Christianity, however, is not based on the flesh, which is to say that it’s not based on works.  This is what makes Christianity unique in Religions.  It’s not based on man’s own ability to be good enough, but rather on the recognition that he is not good enough and never will be.  Religion, on the other hand is generally based on giving the illusion that certain rules are being followed, and by following these rules, righteousness is earned, and once it’s earned, it is showcased. Pride is the driving force. This is not the way of Christianity.  To be sure, Christianity does not escape the corruption of the flesh.  Christians can be just as plagued with the pride of their own works as those in the next religion.  We know this because Jesus found it worthy of addressing in the sermon on the mount. He admonished us to not “practice our acts of righteousness before other people“.  But the more real that God becomes in the mind of the believer, the more he realizes that the only affirmation that counts is that which comes from God.  Every man knows in his own heart that he is not good. And while we are liable to think that we can fool our fellow man, if God is real to us in our hearts, we also know that we haven’t fooled Him.  The more real God becomes to us then, the more humble we become, both before God and before our fellow man.

A research poll was recently published which indicated that many people were abandoning Christianity.  While this poll would seem to indicate that “Christianity” is in trouble, we can know that this isn’t the case.  Sure, many people are walking away from an old religion tagged with the name of “christianity”, but no true Christian is abandoning his faith.  I can say this with certainty because it would be quite impossible for a Christian to abandon his faith.  What we are witnessing is a cultural shift.  Christianity has become unpopular in culture, and those who have been beholden to culture all along are simply following their true love.  Works based religion is a heavy load, so if it isn’t a necessary part of our righteousness before our fellow man, why in the world would anyone bother?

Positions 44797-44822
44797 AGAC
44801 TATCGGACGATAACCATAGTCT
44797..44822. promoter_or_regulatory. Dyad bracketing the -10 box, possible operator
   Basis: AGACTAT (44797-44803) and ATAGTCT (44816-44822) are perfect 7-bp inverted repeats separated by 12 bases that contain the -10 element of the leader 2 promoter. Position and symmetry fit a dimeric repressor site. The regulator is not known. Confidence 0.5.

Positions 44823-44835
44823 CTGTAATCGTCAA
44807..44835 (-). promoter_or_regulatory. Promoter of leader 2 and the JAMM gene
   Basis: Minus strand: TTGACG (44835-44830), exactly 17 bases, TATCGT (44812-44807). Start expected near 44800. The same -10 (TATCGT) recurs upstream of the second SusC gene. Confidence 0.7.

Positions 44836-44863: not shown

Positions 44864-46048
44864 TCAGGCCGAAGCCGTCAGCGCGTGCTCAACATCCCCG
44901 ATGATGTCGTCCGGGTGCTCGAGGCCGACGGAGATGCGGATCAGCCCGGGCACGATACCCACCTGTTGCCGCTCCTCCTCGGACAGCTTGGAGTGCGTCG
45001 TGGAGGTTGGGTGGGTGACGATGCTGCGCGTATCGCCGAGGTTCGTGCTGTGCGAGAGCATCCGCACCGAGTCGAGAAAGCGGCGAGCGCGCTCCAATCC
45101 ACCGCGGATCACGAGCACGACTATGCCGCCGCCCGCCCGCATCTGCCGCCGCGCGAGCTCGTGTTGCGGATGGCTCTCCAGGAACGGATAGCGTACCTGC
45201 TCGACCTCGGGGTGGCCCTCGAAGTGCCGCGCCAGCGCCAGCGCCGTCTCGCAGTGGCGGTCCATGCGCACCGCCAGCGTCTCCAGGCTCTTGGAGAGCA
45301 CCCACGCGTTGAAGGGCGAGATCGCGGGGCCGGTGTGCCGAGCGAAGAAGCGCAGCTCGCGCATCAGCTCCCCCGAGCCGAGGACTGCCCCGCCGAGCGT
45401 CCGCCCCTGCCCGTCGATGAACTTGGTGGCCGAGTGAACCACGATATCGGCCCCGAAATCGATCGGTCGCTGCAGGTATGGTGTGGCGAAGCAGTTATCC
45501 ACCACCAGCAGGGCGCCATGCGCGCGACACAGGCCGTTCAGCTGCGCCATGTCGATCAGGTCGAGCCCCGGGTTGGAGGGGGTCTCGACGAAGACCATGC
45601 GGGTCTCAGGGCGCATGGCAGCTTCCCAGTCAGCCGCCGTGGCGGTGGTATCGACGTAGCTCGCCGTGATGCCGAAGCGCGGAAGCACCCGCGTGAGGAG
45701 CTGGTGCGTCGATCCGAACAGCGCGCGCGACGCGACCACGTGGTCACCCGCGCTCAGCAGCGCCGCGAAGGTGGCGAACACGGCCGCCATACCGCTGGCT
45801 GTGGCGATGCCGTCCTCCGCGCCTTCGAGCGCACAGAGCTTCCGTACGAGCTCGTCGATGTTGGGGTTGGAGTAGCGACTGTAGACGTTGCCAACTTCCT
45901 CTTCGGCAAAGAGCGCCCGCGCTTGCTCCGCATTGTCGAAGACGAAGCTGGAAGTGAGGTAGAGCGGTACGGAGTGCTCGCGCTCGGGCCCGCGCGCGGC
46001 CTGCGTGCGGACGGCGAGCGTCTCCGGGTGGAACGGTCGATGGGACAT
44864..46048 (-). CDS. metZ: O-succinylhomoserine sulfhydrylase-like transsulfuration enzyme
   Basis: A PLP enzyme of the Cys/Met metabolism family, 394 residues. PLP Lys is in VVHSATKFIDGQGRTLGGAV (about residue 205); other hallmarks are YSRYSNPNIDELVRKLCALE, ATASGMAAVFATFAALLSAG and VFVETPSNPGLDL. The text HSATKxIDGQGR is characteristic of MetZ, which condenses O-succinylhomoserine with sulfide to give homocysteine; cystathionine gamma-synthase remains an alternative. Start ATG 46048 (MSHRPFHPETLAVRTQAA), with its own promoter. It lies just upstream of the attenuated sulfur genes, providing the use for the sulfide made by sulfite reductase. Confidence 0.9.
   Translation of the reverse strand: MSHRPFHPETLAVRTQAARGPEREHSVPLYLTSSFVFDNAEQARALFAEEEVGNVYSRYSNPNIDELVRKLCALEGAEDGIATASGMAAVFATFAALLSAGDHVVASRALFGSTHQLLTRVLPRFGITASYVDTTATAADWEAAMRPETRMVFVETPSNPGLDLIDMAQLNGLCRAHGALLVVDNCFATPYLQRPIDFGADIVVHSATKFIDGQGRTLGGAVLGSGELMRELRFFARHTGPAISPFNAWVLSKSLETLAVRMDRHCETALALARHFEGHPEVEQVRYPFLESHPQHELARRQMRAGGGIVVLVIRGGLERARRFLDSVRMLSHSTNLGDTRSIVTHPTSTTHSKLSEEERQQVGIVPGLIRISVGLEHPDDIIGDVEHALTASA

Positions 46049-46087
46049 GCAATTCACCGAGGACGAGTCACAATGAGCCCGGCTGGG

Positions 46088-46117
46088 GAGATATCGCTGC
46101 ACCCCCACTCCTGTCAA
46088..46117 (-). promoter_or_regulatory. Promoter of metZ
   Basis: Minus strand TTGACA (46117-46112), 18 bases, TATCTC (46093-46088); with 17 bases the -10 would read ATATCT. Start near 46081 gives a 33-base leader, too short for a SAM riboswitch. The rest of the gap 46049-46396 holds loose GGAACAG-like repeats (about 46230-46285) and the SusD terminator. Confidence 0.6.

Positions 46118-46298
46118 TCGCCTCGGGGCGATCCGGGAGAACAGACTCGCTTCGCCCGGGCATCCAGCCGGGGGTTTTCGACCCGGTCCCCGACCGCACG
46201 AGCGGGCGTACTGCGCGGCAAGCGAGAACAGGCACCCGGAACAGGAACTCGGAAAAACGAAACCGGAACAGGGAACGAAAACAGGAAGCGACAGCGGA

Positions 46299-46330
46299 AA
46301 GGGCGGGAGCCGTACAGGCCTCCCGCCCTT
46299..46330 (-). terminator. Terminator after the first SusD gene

Yet there are those who still want to retain the name of Christianity, while at the same time follow this world.  Such people are easy to spot because they will hate true Christianity just like the culture does and will even go so far as to call it un-Christian.  Pay no attention to their antics.  We must trust in the Word.

At first glance Christianity is a dichotomy of sorts. On the one hand we call the world and ourselves to righteous living. And on the other hand we proclaim that all our righteous living is still insufficient to earn our way into heaven. We teach that it is by grace alone that we are saved. But with a deeper look, it isn’t a dichotomy. God makes those who are His new creatures, and as such, we begin to love righteousness. We at the same time realize that we are not righteous, and that that unrighteousness brings about eternal circumstances. It is in this realization that Grace is one of the sweetest words we have.

In living this out, however, we must realize a few things.  First, that we have in us a propensity to justify our sin because of this grace.  That is a lie.  We should fight such inclination with all diligence, and seek to live righteous lives according to what God calls righteous.

Second, we must, at the same time, work at our on sanctification while not associating that work with our salvation.  The salvation is a given.  Any “works” we perform, whether they be to help our fellow man or in mortifying our own flesh, are a result of that salvation, not the cause of it.  There is nothing we can do, but there is much that we ought to do.  And with the spirit of Jesus living in us, there is much we’ll want to do.